The length of the opposite side to the parallax angle is the distance from the Earth to the Sun (defined as one astronomical unit, the length of the adjacent side gives the distance from the sun to the star. Therefore, given a measurement of the parallax angle, along with the rules of trigonometry, the distance from the Sun to the star can be found. A parsec is defined as the length of the side adjacent to the vertex occupied by a star whose parallax angle is one arcsecond; the use of the parsec as a unit of distance follows from Bessel's method, because the distance in parsecs can be computed as the reciprocal of the parallax angle in arcseconds. No trigonometric functions are required in this relationship because the small angles involved mean that the approximate solution of the skinny triangle can be applied. Though it may have been used before, the term parsec was first mentioned in an astronomical publication in 1913. Astronomer Royal Frank Watson Dyson expressed his concern for the need of a name for that unit of distance.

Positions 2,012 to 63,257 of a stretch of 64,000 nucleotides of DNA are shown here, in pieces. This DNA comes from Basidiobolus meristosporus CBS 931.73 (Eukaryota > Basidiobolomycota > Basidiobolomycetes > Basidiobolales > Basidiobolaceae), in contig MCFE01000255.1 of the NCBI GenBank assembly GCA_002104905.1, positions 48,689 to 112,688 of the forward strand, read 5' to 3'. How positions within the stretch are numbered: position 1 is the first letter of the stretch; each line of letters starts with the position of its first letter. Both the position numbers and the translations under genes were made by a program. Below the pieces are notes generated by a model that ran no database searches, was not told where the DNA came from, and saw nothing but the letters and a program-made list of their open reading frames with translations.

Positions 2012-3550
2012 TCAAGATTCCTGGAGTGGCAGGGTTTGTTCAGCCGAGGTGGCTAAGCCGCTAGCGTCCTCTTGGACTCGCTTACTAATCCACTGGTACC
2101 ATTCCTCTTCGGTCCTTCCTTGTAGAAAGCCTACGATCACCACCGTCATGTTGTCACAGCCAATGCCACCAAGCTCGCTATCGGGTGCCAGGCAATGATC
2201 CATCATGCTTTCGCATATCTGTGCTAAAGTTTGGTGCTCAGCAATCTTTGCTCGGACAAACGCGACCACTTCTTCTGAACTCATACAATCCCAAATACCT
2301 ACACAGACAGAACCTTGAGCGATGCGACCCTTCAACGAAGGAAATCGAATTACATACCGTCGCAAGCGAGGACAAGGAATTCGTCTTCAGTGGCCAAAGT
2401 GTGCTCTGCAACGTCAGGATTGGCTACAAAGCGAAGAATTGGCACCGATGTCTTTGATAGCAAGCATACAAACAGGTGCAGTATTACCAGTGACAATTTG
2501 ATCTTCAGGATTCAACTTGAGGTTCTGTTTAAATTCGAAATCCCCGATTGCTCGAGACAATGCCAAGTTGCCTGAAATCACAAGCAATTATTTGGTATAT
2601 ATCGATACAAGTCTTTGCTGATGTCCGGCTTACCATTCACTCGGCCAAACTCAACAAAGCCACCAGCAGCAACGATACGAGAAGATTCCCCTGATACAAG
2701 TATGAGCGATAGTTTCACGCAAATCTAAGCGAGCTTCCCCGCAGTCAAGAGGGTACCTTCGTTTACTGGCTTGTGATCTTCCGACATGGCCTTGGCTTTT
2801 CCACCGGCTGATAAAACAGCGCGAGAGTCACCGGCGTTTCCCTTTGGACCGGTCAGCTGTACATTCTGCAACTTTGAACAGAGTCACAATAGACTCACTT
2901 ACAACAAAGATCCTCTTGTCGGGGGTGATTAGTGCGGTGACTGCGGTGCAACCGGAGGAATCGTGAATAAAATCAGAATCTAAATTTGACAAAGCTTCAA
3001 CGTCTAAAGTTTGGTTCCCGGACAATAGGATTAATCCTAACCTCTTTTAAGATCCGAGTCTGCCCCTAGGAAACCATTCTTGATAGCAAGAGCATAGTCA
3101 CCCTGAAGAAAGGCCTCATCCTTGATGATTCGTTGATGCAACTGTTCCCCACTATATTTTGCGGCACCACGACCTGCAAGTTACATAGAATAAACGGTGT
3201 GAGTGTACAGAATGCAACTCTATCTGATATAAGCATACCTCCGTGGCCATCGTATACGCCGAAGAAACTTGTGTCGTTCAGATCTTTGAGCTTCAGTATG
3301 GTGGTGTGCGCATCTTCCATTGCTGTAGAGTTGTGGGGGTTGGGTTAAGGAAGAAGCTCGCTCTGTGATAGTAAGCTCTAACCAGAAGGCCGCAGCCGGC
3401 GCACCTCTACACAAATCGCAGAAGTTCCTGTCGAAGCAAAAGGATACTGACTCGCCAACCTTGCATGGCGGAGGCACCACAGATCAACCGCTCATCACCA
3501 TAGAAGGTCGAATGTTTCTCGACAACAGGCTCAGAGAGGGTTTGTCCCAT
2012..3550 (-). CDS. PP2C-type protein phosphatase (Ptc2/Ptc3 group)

He proposed the name astron, but mentioned that Carl Charlier had suggested siriometer and Herbert Hall Turner had proposed parsec. It was Turner's proposal. In the diagram above, S represents the Sun, E the Earth at one point in its orbit, thus the distance ES is one astronomical unit. The angle SDE is one arcsecond so by definition D is a point in space at a distance of one parsec from the Sun. Through trigonometry, the distance SD is calculated as follows: S D = E S tan 1 ″ S D ≈ E S 1 ″ = 1 au 1 60 × 60 × π